Why Man United v Liverpool is like two bald men fighting over a comb

This is a story of a boot-room dynasty, a dark lord, and a perch. Or rather it is the story of the story, one that has been hectored into the rest of us for an entire lifetime to the point where resistance became futile.

Want to hear about the legends and mythologies of Liverpool football club ad nauseum? Well, not really no, for while I appreciate their excellence I support another tea…oh you’re off again, nattering and chattering and mythologizing in the pub, through my television screen, and on every book stand and newsagent shelf about how special and unique this club and its supporters are. Brucie’s wobbly legs. Bob’s slippers. THOSE European nights. King Kenny playing (and he could play). The Liverpool bloody way. Enough already.

Want to hear instead all about Manchester United, its illustrious history and how they do what they want? Absolutely not. I was just telling that Liverpool lot….oh God, this is worse than before. The arrogance! The entitlement! The Theatre of Dreams. The Class of 92. That magical night in Barcelona. King Eric. Fergie-time.

This time the relentless lauding was an insufferable hegemony akin to Pravda. Their midfielder who was pretty decent with a free-kick had goldenballs and advertised everything but mostly himself and his marriage. Their manager was venerated to the rafters by a sycophantic and fearful media and consequently his bullying and all-round dearth of class brought him a knighthood. Thirty-million pound signings – back in the day when thirty million really was thirty million – were not derided in the press but rather portrayed as the inevitable next step for an ambitious young player. You don’t turn down Manchester United a subservient press mooed.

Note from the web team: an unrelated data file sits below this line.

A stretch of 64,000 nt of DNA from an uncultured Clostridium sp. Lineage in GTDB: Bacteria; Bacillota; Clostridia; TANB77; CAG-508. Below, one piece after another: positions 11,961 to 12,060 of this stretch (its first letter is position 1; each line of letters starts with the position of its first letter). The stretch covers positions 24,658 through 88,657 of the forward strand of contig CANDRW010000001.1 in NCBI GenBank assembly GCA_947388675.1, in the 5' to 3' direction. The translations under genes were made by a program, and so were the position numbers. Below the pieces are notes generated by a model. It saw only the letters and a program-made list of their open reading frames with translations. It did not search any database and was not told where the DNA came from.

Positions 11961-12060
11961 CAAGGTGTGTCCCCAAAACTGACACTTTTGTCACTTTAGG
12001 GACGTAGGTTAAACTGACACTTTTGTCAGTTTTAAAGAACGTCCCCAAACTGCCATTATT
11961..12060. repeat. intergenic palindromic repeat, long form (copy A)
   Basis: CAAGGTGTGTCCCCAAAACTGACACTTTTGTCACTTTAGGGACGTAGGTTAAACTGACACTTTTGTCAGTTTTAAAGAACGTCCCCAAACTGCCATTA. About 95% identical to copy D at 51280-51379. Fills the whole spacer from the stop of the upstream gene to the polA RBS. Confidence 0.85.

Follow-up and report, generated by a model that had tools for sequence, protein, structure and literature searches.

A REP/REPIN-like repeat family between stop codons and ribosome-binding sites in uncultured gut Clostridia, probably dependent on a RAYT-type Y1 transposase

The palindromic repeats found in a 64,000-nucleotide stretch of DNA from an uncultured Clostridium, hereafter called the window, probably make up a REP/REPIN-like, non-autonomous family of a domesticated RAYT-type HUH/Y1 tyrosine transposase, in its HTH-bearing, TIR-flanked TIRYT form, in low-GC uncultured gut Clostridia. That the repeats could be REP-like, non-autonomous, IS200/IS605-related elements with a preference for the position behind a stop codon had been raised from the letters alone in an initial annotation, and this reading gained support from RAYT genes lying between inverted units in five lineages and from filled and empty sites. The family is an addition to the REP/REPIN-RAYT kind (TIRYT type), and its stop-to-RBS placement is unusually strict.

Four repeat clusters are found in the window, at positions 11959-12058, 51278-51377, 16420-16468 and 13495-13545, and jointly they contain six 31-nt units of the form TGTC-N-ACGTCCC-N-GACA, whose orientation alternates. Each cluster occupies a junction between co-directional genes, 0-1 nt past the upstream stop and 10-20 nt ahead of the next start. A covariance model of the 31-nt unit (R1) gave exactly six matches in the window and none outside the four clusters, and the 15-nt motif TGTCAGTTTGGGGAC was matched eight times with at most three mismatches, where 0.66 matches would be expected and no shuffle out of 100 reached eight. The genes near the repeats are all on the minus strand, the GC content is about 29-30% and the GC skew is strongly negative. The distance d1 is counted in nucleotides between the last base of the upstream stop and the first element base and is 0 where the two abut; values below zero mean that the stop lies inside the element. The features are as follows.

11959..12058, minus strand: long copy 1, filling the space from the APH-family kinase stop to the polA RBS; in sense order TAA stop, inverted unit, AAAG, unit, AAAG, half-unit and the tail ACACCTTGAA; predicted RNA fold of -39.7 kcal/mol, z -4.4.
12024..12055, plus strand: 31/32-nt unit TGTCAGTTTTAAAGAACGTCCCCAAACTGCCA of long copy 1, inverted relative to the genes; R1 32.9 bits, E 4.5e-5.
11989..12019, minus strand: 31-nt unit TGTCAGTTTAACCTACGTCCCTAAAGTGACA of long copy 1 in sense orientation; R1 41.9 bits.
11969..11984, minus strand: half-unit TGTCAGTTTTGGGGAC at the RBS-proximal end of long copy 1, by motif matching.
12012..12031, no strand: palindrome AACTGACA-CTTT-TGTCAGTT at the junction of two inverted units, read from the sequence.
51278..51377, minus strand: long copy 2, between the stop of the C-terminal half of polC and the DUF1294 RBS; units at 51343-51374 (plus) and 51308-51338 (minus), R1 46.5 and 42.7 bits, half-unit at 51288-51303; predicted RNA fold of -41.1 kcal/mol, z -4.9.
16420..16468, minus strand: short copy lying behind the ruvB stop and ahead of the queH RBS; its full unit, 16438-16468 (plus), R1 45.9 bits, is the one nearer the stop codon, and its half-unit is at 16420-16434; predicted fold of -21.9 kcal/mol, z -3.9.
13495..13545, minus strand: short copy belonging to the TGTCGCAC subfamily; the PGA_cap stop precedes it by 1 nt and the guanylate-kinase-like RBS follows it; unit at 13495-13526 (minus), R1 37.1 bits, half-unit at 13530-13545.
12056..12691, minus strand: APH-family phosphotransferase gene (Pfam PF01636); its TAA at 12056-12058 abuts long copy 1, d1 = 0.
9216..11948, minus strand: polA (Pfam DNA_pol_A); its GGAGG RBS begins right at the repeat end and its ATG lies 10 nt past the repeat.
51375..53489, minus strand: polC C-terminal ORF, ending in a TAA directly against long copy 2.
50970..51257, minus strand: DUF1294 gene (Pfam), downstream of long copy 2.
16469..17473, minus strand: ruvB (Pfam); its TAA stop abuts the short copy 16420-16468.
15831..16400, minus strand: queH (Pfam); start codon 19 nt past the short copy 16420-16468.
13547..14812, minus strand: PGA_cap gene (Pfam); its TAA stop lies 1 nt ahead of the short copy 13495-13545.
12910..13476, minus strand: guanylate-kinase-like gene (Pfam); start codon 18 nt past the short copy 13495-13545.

It was all getting creepy and very, very weird and there are numerous journalists working today who should hang up their pens for their cowardly ceding to propaganda during United’s era of dominance.

But anyway, I digress. Back to the story.

I will spare you the details as you all know it verbatim. It’s been the soundtrack after all to the past forty years and we’ve all been made to sing along no matter our allegiance. Suffice to say the dominant force in English football was usurped by a north-west rival. That’s it really, bar the odd back and to, a quote about knocking the other off a perch, and a monopoly of silverware.

Except of course the tale didn’t end there because twice a season the two protagonists would meet – the dethroned against the crowned – and a fresh motherlode of hype and melodrama would splatter down on the majority of supporters in the UK whose only involvement in the whole schebang was that we maybe disliked one more than the other. Still we were subjected to the poetry and the guff regardless, as trapped as sitting in the corner of a restaurant yet to be served while at a table nearby a couple rowed loudly and viciously. The worst kind of row too, the one where the past is brought up and the other’s family is badmouthed.